Late surveys have been breaking toward the Republican; the RCP polling average puts Ernst up 2 points.

The ratings:
Cook: Toss Up
Five Thirty Eight: Toss Up
Inside: Toss Up
Sabato: Leans D

Georgia (Regular Election)
The contest:
Republican incumbent Sen. David Perdue — who votes with Trump 95 percent of the time — is up for re-election and is being challenged by Jon Ossoff, famous to many progressives for fighting (and coming up short) in an expensive special election House fight in 2017. But Osoff has proved himself a formidable contender, going nuclear on Perdue in a recent debate for downplaying the risk of Covid-19 and alleging Perdue was guilty of “insider trading” for dumping stock before the pandemic-induced market crash last February.

The polls:
The RCP polling average has Ossoff up by one point.

The ratings:
Cook: Toss Up
Five Thirty Eight: Toss Up
Inside: Toss Up
Sabato: Toss Up

Montana
The contest:
Outgoing Democratic Governor Steve Bullock, who briefly ran for the Democratic presidential nomination, is taking on incumbent Sen. Steve Daines. Bullock has a great track record — including winning re-election as governor in 2016, the same year Trump won the state by more than 20 points. He faces in Daines a millionaire former software executive (and current Donald Trump, Jr. hunting buddy) with an approval rating of just 47 percent.

The polls:
Daines has a 3.3 percent lead in the RCP polling average, but handicappers see Bullock with a good shot to win.

The ratings:
Cook: Toss Up
Five Thirty Eight: Lean R
Inside: Toss Up
Sabato: Leans R

North Carolina
The contest:
Democrat Cal Cunningham, a lawyer and Army Reserve officer, is taking on Republican incumbent Sen. Thom Tillis, another vulnerable Trump loyalist, who has voted with the president 93 percent of the time. Cunningham has been put on the defensive with a sexting scandal, but it does not seem to be materially impacting the race.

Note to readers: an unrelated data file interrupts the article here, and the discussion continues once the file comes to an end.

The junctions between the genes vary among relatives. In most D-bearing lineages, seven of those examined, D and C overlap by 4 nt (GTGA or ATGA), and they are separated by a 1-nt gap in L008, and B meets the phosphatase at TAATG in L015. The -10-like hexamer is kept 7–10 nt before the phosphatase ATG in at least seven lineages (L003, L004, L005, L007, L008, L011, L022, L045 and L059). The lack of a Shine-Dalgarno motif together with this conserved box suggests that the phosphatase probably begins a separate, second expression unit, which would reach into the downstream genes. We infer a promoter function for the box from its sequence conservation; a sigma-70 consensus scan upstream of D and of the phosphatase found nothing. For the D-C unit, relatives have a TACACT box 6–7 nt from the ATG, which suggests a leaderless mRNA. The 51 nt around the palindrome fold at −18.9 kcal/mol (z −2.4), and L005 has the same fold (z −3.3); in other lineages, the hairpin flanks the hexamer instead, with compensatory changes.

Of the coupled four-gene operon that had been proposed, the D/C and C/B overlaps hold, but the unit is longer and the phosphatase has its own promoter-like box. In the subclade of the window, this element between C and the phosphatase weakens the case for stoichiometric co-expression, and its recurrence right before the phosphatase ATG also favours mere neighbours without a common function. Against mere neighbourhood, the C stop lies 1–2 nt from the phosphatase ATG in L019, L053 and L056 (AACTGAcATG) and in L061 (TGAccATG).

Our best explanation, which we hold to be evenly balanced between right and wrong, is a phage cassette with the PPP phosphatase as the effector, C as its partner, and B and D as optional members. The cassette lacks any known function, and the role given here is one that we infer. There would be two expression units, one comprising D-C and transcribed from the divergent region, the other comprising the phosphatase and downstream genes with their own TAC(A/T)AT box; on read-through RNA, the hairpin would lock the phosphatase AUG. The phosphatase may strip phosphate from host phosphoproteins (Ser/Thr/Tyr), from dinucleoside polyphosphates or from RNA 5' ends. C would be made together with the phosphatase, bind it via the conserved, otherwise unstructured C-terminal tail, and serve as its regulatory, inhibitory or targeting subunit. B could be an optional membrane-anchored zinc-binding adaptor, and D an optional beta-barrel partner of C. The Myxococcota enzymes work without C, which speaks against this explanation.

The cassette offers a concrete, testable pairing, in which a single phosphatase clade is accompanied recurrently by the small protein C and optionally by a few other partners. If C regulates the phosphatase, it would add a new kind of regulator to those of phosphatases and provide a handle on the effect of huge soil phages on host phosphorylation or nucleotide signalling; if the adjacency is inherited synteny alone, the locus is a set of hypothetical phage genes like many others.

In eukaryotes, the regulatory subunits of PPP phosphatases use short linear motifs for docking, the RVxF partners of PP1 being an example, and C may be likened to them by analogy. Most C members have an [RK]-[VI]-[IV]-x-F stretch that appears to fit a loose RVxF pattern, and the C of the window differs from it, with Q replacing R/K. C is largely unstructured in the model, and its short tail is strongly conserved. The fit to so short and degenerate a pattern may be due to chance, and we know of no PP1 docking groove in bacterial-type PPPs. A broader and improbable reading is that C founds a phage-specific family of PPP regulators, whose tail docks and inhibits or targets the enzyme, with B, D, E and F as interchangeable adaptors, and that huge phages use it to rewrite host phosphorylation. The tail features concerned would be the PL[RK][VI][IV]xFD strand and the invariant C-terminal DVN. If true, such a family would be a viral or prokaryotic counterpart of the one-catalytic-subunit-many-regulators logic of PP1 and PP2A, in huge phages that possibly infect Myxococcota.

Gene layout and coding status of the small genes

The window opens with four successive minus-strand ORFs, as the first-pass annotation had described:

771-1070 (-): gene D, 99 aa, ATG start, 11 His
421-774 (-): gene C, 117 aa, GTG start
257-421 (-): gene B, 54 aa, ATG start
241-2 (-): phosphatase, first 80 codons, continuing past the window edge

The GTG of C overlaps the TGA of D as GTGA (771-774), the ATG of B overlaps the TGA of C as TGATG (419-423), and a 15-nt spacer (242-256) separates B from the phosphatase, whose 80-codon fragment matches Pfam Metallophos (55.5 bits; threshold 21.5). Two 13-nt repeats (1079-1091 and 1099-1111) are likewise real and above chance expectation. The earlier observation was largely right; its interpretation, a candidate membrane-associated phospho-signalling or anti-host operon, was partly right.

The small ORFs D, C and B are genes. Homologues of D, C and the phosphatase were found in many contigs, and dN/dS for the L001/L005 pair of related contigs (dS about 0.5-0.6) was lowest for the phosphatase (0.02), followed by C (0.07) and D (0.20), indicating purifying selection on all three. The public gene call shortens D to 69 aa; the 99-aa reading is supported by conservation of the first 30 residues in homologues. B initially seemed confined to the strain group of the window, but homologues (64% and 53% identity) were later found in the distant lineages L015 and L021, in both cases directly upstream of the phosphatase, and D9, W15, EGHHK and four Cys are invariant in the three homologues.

The polls:
Five of the last six polls give Cunningham an edge. He’s got a 2.5-point advantage in the RCP average.

The rankings:
Cook: Toss Up
Five Thirty Eight: Lean D
Inside: Tilt D
Sabato: Toss Up

South Carolina
The contest:
Jamie Harrison, a former state Democratic Party chair, has raised $57 million battling to unseat incumbent Sen. Lindsey Graham, one of Trump’s most pathetic lap-dogs and the Senate Judiciary chair who just jammed through the confirmation of Supreme Court Justice Amy Coney Barrett. As Harrison sets fundraising records, Graham has been literally begging for money on Fox News. “Lindsey is desperate right now, and I sort of feel bad for him,” Harrison told Rolling Stone in September.

The polls:
Harrison has made South Carolina competitive, but most polls show Graham with a narrow lead.

The ratings:
Cook: Toss Up
Five Thirty Eight: Likely R
Inside: Tilt R
Sabato: Lean R

WILD CARD

Georgia (Special Election)
The contest:
Georgia’s second Senate seat is a special election, resulting from the retirement of Sen. Johnny Isakson last year. The seat is currently occupied by Republican Sen. Kelly Loeffler, a millionaire married to the chair of the New York Stock Exchange, who was appointed by the governor. She’s a rubber stamp for Trump, voting with the president 100 percent of the time. The November 3rd contest will serve as the primary in this race. Under Georgia election law candidates from all parties compete in a single primary. The seat can be won outright, but if no candidate can claim a majority, the top-two finishers will advance to a runoff, to be held on January 5th. The leading Democrat is Rev. Raphael Warnock, an Atlanta pastor. In her own party, Loeffler is being challenged by Doug Collins, a Republican congressman who serves a district north of Atlanta.

The polls:
Warnock appears to be a lock for the runoff. His (very narrow) path to an outright victory is likely blocked by fellow Democrat Matt Lieberman (son of Joe) who is also competing in the primary and polling in the single digits. Loeffler and Collins are knotted in a very close race, at 22.6 percent apiece in the RCP average.